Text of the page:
I think this will be an interesting project to work on this summer. I'm not sure it will be a lot of fun (!), but necessary. If we approach like you did, two garbage bags sounds about right, at least for the first two shelves.

      Delete
    2. Maybe because I have only sons but I have found my offspring to not only be completely disinterested in ancestors but not interested in their baby/childhood pictures or ANY of the things I hung onto for years thinking they, and their wives, would treasure. The few things I have pressed onto them seem to have disappeared. I am actually throwing away baby albums. I know that seems awful but nobody wants them.

      Delete
  16. Wow! Thanks, Bob! Your video was perfect timing. I just found a thumb drive in my desk drawer that contained years worth of digital photos that had been saved from an old computer, but not in the cloud. I just spent a day uploading those photos, so now my cloud storage is nicely organized back through 2015. But, like you, what about all of those albums in the closet from the late seventies on...I decided to choose the ones that I'd be most crushed if they were ever destroyed in a fire, and have started with those. Our wedding album will be my first project, and I'm using Google PhotoScan, which as your video says, does a really nice job. And, as I'm retired, I guess I can find the time. Thanks! ~ Lynn

    ReplyDelete
    Replies
    1. Please let me know how the Google app works. Now, every picture we take on the phone goes to the cloud and is organized by date. But, that leaves a ton to decide how to handle.

      Glad the video hit the spot!

      Delete
  17. Betty will not like my answer! I went through photos several years ago. I ended up throwing out trash bags full of photos. The ones that were only meaningful to me--out they went. I had a box for each kid and separated the photos as I went along. Now every kid has their own box. Once everyone started taking photos with cameras, the kids took over recording their own lives, so I let them take over that.

    Caveat--I did keep photos of me when I was young and at different times in my life if I thought the kids would like them.

    Other caveat--I am NOT the caliber of photographer that Betty is, so I would NEVER suggest that she follow my example. I'll leave that to the two of you to sort out!! She could publish books of photographs and y'all could enhance your retirement savings! I've never known anyone who has so many claims to fame as Betty does.

    ReplyDelete
    Replies
    1. What a Sweet thing to say! We will be super purging this summer. I want to save all of the families photos such as the grandkids great, great, great grandparents and all of their Birth, Death, and Marriage certificates etc... I have a lot of genealogical stuff that includes pictures, and I know of at least one grandchild that will continue to preserve these treasures. I've always thought of making some coffee table books but just haven't had the time.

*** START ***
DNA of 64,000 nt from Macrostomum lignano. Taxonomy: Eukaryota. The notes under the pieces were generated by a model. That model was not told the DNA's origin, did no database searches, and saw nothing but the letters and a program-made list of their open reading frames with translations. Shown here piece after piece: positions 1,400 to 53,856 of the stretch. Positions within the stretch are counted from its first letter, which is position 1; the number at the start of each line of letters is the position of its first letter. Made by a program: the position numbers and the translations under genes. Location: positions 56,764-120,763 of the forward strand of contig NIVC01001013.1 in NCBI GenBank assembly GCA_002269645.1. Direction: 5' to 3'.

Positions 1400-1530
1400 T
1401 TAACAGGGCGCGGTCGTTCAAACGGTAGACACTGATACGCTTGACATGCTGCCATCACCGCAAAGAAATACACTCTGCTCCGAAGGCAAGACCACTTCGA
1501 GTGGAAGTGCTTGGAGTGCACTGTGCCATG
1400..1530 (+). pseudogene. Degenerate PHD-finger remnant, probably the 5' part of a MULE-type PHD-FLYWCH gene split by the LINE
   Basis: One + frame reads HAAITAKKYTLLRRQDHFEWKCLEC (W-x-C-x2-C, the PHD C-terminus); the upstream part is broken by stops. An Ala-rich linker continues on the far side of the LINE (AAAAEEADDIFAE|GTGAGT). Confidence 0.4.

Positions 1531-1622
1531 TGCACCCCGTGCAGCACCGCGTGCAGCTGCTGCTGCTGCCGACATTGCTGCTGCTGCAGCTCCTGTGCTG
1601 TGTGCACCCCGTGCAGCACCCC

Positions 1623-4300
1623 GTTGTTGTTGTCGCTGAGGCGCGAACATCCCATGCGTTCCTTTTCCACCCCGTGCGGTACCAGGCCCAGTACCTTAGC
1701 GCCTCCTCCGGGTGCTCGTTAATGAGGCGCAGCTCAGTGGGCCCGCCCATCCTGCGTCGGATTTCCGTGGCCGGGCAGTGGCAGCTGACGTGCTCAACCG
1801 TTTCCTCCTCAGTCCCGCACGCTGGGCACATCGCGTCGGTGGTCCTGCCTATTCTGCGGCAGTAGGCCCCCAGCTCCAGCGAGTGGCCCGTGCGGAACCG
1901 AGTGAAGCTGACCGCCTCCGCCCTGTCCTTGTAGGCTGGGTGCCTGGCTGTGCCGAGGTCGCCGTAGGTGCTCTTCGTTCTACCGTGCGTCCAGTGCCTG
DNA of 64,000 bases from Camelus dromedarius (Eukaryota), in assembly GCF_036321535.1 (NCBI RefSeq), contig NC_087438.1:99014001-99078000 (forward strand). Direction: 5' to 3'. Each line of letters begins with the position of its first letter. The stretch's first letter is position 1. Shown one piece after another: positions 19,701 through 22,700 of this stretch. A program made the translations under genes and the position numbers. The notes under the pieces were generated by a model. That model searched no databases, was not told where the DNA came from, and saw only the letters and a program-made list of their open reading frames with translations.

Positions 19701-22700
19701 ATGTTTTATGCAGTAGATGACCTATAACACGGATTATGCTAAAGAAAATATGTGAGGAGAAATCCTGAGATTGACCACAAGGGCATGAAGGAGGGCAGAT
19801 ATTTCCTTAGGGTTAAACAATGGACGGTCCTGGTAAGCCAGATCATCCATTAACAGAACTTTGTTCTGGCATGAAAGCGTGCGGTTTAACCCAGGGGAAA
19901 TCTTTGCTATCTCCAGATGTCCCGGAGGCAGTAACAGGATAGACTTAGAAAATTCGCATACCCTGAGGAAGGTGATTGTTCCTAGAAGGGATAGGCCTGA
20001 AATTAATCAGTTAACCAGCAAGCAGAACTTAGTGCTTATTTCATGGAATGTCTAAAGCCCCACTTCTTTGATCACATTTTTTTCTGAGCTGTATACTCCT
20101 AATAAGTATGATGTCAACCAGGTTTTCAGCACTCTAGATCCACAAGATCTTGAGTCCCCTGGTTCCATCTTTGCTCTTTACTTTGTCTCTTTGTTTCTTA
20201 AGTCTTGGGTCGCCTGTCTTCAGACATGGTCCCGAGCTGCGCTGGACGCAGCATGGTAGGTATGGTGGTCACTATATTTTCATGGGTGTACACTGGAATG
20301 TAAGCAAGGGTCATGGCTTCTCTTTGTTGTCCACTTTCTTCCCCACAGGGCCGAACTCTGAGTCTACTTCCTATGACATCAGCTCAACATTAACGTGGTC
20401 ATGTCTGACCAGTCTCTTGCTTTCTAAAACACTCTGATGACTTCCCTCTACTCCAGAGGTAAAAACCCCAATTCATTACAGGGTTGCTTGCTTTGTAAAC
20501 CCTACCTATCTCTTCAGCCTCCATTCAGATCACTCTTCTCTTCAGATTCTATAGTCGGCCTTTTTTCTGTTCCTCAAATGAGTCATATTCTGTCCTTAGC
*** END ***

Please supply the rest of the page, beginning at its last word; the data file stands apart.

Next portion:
Delete
    2. Of course you don't have time, Betty, because you are too busy creating more beauty!

      Delete
  18. What software do you use to restore photos? If you keep discussing what to save, things may further deteriorate. I only have a Rubbermaid tote full of photos, but they seem insurmountable to me. Also, what kind of scanner is best for photos? Do you know what to use for slides? I have years of those. Thanks.

    ReplyDelete
    Replies
    1. Betty uses Corel PaintShop Pro X2 or X8 to restore photos. The Epson scanner mentioned in the video above is probably the best for speed and ability to fix faded photos. But, at $550 or so, it isn't cheap. Any flatbed scanner will work. Set at 300 dpi instead of a higher number and things will go more quickly and use less memory.

      We don't have slides but the company noted in the post above can handle slides.

      Delete
  19. Rob has started scanning photos of his kids’ childhood. He is making an digtal archive for each of them. I, on the other hand, am years behind on organizing my digital photos, and refuse to even think about the albums and boxes of film prints.

    Jude

    ReplyDelete
    Replies
    1. The project can be overwhelming, can"t it!

      Delete
  20. We started this project last year with a company called Southtree we got our pictures on dvd and sent them a flash drive to put them on too! We still have more to go! We also made some digital albums We also had large pictures digitized! Too !Good luck with your photo journey!

    ReplyDelete
    Replies
    1. Thanks! It will take up most of our summer. Getting the end product on both DVDs and flash drives makes sense since so many never computers don't include a DVD player anymore.

      Delete
  21. When my parents were downsizing, my mother bought five small photo albums and then spent months going through all the old photos to create an album for each of her five children that documented their lives form infancy through adulthood. We each got an album for Christmas that year, and since the photos were focused on *us* we were delighted to have them. We spent lots of time at the family Christmas gathering that year passing our albums around and comparing notes. Many years later, I still treasure mine (especially since these are the only photos I have of my childhood). -Jean

    ReplyDelete